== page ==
This leaves the two biggest areas: food and entertainment. We never overindulged with consumer electronics and cars, but this category was our weakness, prior to implementing frugality. The category of eating out/going out/snacks on the go used to cost us $9,100. That’s not even including groceries. Our current entire weekly entertainment/food/household budget is $120. This includes most items, except medical expenses and fuel. That totals $6,240. Again, while that first number doesn’t account for groceries, so assume groceries were another $100 / week (+5,200 annually) there is a savings of $8,060. This will take a lot of adjustment, but your wallet will thank you.
- Embrace your weirdness
Working Americans often engage in a “work hard play hard” philosophy that all too often leads to them being broke and exhausted. If you’re living in the US, the trend is to not save. By considering your savings at all, you’re already a non-conformist. Whether your goal is to be able to afford dentures in retirement, or to have the financial independence to raise the finger to the proverbial “man”, you’re bucking against the norm. You’ll be making some unpopular choices on the road to savings, and you need to embrace them. People might think you’re weird, and that’s ok…because you are.
It took us some time to adapt our social life to a micro-home reality, until we had the brilliant idea to invite ourselves over to friends’ homes and cook them dinner. What started off as a weird idea, quickly became “our thing”. We’ve since also hosted bonfires and dance parties on our land, and everybody has accepted that we won’t be joining them for a shopping trip, the annual “friends cruise”, expensive ski trips and get-aways, or most events that cost more than $60 a piece. We still get occasional teasing about our clunky car, but we’re comfortable with our choices. This is a true testament to the saying “Those who matter don’t mind, and those that mind don’t matter”. You may find out who your real friends are living an unconventional life style, but wouldn’t you rather know?
- Keep things fun & flexible
There is no denying the fact that you could save the most money living in a tent, eating nothing but beans and rice. If you’re there and thriving- awesome! For most of us, that is a bit too extreme. It’s easy to fall in the trap of saving money at all cost and forgetting to enjoy life. So, if you want to go have drinks with your friends- go. If you want to travel out of town, do it. Going back to the diet metaphor, an occasional treat won’t make a huge difference. A daily treat – will. So pick what matters to you, that which brings value to your life and then enjoy without guilt.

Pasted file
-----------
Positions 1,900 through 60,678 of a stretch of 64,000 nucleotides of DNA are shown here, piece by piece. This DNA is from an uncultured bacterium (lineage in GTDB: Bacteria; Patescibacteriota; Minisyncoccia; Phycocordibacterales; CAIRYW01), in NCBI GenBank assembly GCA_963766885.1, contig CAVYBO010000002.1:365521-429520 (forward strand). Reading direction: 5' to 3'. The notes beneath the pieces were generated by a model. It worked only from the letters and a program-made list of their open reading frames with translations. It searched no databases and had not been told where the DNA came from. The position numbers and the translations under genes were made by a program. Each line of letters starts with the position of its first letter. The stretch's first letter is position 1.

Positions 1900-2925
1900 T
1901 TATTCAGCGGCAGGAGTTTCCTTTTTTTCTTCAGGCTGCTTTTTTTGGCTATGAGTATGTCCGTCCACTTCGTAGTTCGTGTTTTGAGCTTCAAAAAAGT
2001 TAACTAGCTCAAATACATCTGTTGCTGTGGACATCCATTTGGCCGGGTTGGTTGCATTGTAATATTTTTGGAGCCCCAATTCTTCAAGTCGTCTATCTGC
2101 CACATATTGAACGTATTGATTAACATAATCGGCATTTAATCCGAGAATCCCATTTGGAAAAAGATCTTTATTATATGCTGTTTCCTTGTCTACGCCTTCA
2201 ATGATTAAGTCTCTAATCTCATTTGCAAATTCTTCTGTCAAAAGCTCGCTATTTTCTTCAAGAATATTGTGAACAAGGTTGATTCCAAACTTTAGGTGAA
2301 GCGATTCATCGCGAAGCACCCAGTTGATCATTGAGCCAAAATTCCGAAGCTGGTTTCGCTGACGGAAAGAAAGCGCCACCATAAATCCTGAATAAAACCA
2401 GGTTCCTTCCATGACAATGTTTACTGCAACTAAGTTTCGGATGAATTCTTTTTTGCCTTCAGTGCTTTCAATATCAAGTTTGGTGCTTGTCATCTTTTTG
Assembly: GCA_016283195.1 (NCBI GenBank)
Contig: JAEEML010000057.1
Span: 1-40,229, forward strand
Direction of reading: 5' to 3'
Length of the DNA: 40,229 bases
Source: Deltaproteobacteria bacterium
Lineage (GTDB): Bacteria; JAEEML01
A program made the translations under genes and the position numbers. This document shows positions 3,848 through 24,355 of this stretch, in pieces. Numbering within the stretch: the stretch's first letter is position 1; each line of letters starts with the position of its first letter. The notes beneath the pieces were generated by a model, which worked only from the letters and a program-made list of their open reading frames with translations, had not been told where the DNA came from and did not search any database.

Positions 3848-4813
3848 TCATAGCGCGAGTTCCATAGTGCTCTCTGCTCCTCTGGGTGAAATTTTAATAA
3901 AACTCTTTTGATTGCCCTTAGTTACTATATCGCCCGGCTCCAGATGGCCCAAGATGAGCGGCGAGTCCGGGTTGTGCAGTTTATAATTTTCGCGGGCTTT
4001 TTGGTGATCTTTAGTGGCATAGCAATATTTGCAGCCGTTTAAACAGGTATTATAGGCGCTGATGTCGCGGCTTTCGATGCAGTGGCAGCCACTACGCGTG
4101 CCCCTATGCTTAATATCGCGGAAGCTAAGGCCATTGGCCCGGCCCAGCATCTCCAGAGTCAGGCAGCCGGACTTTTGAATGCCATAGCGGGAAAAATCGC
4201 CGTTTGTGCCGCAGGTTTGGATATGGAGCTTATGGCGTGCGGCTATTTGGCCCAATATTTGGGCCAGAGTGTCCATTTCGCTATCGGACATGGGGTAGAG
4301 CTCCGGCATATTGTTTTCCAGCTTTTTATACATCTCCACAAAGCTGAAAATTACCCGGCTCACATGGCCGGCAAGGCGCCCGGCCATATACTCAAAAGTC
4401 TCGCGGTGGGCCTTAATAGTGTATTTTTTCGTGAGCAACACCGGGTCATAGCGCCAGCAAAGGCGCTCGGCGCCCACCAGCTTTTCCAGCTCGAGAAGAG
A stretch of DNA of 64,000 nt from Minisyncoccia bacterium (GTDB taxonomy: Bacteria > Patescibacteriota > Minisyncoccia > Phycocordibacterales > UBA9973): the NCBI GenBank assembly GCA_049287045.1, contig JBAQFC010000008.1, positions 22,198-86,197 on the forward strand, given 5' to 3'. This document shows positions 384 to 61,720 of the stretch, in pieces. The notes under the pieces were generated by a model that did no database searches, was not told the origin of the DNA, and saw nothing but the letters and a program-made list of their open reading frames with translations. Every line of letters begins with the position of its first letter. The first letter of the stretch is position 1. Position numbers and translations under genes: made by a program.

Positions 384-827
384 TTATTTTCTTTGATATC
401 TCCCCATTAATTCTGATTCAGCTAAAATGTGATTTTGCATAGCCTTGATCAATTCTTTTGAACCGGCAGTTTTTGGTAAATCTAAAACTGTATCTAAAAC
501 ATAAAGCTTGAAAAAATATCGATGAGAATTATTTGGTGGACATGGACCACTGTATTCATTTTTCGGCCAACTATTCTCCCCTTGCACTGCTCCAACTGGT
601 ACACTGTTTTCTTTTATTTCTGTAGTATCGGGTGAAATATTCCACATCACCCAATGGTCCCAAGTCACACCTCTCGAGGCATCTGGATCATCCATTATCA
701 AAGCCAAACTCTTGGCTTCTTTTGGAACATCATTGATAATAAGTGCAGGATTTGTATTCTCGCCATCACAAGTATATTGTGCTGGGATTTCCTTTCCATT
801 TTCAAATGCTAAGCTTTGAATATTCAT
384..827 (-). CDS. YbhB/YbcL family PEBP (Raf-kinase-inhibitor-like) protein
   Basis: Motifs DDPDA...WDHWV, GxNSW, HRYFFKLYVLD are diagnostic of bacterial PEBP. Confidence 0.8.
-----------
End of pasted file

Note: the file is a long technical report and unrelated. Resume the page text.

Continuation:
Remember to stay flexible. Different things might work for you depending on the situation. In the summer we work for a theatre company out of town for a little over a month. We’re out of our regular home, we work the exact same fairly long hours and things are a bit harder to manage. When we’re there, we adjust our weekly number to $150. This allows us to purchase some prepared items that we’d normally make from scratch and it makes a big difference to our quality of life.
- Comparison is the thief of joy
Congratulations, you’ve made lots of changes and you’re meeting your goals. Your savings have doubled in a year! You feel pretty great about it, and then you see an article from Mr. Money Mustache entitled “Notes on Giving Away my First $100,000” (this is only one of many examples of people on FIRE achieving amazing things). Suddenly you realize you didn’t make it at all. In fact, your number is quite insignificant in the grand scheme.
Let go of this type of thinking. This is a practice of jealousy, not frugality, and unlike the latter, it has no benefits. Additionally, there is no point in beating yourself up about not reaching a goal that you were never trying to achieve in the first place. If you analyzed what you wanted, why you wanted it, came up with a plan and achieved it, you are a success story. Celebrate your successes and make only one comparison: the you of the present vs. the you of the past.
I wish you the best of luck and I’m curious to hear if you have any tips that worked for you.